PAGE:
Now is Opportune Time for Health IT Executives to Weigh in on 5G
By Candace Stuart – Director, Communications & Public Relations
Now is the time for digital health leaders like CHIME’s membership to take a serious interest in 5G, says Ken Bradberry, senior vice president and CTO at The HCI Group. Not the gee-whiz 5G that is being hyped but rather a 5G that needs careful curating to reach its potential as a transformative technology in healthcare.
“This is the time, while the technology is still evolving,” he said. “We can influence the technology vendors and the carriers to align them with the challenges of healthcare providers.”
Congress and the administration are promoting fifth generation wireless technology as a juggernaut for economic growth and innovation. Carriers have rolled out 5G mobile services in parts of major cities like Chicago, Minneapolis, Los Angeles, Boston and Dallas, and Rush University Medical Center and AT&T made headlines this year by introducing 5G in a healthcare setting. 5G’s capability to provide faster, more reliable service holds the potential to improve the quality and access to healthcare. Remote monitoring, telehealth and augmented or virtual reality to treat patients or educate clinicians are among the many possible applications that a 5G architecture might facilitate.
Bradberry sees many benefits with 5G, adding that The HCI Group and parent company Tech Mahindra view 5G as transformational. The technology may be compelling, but it won’t become fully realized without carefully evaluating costs, safety, operational considerations and the regulatory environment, Bradberry cautions. “We don’t want to take our CIOs down the path thinking they will gain all of these advantages and then find it was not well researched or thought through,” he said. “This is a good time to put rigor behind it.”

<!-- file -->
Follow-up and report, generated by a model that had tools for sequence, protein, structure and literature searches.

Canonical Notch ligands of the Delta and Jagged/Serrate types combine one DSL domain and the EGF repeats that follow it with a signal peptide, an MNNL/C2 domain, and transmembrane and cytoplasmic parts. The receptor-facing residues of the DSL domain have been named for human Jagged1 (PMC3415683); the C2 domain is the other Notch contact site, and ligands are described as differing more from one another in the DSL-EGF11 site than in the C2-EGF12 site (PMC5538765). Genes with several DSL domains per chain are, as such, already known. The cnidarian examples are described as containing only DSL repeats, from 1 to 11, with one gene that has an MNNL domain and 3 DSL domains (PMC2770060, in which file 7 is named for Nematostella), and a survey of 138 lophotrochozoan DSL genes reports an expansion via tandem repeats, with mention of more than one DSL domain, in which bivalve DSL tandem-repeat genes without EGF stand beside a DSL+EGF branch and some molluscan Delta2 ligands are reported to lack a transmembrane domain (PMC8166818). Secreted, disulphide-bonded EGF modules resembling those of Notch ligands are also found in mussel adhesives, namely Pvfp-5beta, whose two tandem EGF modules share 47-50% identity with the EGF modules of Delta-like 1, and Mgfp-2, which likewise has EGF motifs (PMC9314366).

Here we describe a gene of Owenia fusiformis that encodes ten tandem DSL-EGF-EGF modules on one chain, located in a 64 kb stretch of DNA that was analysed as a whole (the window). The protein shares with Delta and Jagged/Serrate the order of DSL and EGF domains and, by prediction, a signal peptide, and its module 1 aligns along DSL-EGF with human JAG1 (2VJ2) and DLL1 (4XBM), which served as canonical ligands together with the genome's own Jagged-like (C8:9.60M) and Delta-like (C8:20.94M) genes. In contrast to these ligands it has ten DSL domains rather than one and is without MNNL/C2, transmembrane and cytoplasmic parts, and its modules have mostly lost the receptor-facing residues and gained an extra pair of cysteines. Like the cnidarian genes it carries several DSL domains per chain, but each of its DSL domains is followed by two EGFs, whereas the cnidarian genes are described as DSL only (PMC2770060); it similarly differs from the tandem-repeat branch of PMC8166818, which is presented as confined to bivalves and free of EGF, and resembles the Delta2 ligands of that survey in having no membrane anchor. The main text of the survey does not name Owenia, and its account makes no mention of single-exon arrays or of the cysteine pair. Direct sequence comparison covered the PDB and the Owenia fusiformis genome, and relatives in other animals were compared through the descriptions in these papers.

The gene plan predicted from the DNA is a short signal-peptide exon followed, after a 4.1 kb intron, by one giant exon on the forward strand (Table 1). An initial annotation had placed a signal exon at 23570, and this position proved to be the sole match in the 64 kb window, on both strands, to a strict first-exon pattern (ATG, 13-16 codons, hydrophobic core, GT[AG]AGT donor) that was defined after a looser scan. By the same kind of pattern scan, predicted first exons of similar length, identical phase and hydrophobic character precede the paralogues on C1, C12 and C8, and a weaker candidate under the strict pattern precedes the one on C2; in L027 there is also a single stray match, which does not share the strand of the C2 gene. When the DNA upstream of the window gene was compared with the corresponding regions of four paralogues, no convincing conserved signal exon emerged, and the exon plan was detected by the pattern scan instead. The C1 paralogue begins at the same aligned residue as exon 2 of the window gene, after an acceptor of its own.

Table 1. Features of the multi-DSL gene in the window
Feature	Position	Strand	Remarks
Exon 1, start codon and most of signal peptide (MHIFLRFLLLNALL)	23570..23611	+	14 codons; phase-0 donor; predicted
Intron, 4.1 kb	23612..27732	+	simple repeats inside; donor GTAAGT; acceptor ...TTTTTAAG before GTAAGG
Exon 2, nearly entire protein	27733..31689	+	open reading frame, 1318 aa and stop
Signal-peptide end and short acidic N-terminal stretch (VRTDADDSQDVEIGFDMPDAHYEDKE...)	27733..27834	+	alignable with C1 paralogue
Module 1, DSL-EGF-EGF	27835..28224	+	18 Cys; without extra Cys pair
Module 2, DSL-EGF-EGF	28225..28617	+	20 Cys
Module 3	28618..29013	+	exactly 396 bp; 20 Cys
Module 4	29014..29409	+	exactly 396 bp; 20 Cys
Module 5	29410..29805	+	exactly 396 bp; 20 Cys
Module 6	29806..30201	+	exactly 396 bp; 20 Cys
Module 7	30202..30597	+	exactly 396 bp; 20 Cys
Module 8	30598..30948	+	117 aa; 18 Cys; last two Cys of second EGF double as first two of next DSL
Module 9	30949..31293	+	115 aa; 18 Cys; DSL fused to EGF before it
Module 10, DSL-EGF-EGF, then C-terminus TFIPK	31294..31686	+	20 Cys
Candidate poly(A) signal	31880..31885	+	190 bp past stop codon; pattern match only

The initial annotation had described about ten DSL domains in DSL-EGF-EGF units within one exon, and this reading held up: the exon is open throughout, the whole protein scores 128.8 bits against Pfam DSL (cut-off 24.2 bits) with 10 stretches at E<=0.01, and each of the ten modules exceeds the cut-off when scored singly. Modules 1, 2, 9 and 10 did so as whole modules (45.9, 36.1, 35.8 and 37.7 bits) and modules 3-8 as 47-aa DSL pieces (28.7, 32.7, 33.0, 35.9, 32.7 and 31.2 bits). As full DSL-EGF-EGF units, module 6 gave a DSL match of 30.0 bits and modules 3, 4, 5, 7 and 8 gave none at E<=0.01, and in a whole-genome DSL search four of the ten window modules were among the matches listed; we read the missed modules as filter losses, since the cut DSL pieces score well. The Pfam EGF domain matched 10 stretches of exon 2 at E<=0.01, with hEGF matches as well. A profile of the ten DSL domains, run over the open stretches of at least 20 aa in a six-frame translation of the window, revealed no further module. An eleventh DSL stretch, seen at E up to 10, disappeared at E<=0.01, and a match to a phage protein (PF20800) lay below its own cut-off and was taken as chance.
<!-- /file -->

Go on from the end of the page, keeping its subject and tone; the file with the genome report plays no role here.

Cost is a factor as health IT executives consider 5G. Bradberry recommends first looking at how 5G’s speed and reliability can drive down costs. “We need to clearly articulate not just these great use cases that we talk about with telehealth and IOT and other things but how from an infrastructure perspective it will make a difference,” he said. Availability is also a potential constraint. Hospitals and health systems may need to weigh a more contained approach such as within a medical campus and then integrate into the larger network when the opportunity arises. With a clear understanding of the cost, value and infrastructure needs, health IT teams can identify a starting point that makes sense for their institution and then the roadmap for an extended network that could encompass clinics, ambulatory facilities, pharmacies, payers and beyond.
Earlier this year, Bradberry visited a 5G Center of Excellence in Redmond, Wash., that Tech Mahindra opened in 2018 to accelerate the rollout of 5G services. The labs include the infrastructure that a hospital or health system would need to support a 5G environment and will be used to test connected devices, including medical devices. The results from their studies will help to put some of the hype through a reality check.
“We are getting some really unique perspective,” Bradberry said. “We will have a lot more data as to how much optimization can be expected.”